FEMA report finds climate change to increase flooding

By on July 23, 2013

Areas at risk for flooding are expected to increase by up to 45 percent due to climate change, according to a report commissioned by the Federal Emergency Management Agency. The report covers up to the year 2100 and also accounts for expected increases in U.S. population.

The report looked at climate change’s effects on the National Flood Insurance Program, which is managed by FEMA. It concluded that the size and cost of the program is most likely to go up. It cites an estimated 4-foot rise in ocean levels paired with a growing populace as the cause.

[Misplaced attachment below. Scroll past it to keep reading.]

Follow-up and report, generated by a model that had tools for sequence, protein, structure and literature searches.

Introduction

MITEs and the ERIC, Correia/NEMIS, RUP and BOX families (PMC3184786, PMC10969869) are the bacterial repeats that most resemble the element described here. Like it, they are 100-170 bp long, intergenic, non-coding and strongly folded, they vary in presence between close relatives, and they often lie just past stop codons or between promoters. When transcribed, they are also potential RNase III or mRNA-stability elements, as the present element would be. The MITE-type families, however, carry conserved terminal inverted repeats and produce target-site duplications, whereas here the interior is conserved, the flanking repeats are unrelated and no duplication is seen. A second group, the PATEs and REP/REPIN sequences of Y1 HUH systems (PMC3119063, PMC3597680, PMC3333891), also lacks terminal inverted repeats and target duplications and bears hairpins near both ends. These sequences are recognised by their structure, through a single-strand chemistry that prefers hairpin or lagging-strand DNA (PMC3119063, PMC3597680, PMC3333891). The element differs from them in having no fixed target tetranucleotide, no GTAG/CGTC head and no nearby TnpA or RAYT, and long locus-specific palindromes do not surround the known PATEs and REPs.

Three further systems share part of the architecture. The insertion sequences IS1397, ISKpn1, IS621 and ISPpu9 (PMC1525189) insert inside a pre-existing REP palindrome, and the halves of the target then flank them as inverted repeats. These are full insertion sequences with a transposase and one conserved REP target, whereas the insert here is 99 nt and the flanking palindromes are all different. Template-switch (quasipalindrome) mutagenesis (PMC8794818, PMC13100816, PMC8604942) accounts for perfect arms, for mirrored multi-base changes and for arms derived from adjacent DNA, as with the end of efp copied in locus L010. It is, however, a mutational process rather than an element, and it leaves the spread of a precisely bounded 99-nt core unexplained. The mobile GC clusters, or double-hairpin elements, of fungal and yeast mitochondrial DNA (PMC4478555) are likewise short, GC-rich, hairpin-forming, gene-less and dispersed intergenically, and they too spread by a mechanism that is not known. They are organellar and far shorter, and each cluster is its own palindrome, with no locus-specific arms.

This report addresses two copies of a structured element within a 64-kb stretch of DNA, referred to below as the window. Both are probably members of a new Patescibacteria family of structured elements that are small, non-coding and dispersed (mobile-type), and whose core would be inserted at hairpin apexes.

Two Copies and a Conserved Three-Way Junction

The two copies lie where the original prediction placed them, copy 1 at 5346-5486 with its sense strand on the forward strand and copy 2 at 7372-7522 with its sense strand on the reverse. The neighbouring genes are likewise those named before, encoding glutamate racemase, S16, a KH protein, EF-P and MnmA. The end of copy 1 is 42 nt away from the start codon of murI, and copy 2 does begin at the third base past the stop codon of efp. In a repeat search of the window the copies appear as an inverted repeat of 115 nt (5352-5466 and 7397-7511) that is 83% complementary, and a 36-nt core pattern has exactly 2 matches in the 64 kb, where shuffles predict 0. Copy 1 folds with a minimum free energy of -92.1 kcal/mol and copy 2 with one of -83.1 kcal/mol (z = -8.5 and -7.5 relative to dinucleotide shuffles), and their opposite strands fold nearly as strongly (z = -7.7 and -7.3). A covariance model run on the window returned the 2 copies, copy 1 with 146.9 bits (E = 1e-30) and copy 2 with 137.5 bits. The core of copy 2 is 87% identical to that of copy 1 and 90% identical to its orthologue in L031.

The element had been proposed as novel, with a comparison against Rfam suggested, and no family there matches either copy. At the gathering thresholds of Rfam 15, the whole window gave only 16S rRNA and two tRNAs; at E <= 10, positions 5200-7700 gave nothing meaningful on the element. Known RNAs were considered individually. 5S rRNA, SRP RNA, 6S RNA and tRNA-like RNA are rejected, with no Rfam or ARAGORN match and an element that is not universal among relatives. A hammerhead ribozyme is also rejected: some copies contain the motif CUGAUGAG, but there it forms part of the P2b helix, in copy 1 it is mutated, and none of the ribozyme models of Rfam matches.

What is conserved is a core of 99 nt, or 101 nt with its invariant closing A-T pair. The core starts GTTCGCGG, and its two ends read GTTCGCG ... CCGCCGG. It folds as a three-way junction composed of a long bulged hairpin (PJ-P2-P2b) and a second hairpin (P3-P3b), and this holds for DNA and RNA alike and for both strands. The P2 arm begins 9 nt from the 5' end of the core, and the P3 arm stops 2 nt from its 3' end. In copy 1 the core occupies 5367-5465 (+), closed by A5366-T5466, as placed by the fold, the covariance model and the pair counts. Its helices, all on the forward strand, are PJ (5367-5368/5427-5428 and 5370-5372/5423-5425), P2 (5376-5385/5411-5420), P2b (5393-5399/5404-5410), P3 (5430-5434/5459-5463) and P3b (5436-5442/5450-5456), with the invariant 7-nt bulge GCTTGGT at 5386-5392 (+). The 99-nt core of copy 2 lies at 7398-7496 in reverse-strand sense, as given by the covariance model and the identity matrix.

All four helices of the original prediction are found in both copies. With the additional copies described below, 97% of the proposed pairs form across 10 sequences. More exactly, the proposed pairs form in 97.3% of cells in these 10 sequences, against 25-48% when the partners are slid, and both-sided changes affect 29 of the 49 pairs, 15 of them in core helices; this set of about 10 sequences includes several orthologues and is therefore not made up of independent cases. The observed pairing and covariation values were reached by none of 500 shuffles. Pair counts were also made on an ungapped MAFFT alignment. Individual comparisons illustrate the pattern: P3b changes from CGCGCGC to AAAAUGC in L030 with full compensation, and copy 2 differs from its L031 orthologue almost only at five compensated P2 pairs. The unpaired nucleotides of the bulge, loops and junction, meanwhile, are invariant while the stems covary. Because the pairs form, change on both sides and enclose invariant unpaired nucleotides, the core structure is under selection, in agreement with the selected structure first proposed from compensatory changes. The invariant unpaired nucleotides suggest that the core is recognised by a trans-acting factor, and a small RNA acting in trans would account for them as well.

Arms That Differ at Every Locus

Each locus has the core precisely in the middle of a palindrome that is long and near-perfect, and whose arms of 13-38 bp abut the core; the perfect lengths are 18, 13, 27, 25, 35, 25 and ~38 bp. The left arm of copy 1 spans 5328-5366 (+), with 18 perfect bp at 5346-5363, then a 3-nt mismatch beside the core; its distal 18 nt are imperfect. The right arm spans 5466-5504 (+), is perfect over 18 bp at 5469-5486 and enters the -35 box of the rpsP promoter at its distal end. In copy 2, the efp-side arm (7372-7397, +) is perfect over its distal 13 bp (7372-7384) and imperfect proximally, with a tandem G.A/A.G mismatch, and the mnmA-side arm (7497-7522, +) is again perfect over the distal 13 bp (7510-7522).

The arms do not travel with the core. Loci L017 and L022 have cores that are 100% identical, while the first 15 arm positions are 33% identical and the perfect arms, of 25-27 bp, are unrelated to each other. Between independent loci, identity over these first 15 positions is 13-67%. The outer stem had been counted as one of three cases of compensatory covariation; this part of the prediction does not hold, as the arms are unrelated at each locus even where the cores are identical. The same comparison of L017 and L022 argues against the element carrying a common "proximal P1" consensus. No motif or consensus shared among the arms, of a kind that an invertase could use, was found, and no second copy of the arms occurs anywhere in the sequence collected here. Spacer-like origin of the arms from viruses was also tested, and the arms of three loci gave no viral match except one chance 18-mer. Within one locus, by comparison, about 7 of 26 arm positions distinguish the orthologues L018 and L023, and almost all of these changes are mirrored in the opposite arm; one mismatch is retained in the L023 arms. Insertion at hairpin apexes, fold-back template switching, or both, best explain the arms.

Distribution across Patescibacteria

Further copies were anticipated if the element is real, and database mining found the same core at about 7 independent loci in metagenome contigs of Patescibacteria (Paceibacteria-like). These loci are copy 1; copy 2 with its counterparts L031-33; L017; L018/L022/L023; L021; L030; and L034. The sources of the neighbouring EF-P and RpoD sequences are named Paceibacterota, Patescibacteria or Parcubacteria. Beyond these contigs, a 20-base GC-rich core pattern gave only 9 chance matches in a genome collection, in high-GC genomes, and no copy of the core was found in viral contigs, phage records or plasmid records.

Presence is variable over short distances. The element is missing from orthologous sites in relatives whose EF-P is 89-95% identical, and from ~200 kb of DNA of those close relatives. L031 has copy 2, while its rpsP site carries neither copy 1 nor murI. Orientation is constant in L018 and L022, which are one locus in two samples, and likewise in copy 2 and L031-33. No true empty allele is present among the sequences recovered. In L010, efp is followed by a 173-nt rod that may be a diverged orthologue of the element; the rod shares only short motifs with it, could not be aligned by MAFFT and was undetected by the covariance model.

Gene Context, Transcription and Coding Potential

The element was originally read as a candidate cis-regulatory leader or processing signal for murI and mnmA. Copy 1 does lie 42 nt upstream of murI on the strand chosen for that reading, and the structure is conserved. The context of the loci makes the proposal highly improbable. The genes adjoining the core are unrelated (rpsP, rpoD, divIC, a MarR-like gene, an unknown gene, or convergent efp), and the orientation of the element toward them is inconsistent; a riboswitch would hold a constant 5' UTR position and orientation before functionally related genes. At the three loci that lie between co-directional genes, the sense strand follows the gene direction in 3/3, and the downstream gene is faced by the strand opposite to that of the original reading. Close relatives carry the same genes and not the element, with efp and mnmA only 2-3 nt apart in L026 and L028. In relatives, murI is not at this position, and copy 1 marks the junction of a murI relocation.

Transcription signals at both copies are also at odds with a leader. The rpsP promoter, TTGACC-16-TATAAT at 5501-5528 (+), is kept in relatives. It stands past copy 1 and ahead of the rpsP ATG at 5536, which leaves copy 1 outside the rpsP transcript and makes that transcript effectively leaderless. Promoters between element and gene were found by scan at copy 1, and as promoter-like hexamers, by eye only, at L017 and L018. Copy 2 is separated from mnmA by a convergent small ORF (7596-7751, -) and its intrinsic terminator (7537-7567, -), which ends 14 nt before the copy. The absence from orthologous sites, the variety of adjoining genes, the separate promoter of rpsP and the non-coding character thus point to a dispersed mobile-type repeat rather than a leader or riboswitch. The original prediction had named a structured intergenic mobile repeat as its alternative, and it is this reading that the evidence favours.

The report finds that the flood insurance program will likely double in size by the end of the century and its funding may become unsustainable. Hurricanes Katrina and Sandy have left the program $25 billion in debt, which experts say may never be repaid.

Image: Flooding in Annapolis, Md., after Hurricane Isabel. (Credit: U.S. Navy)

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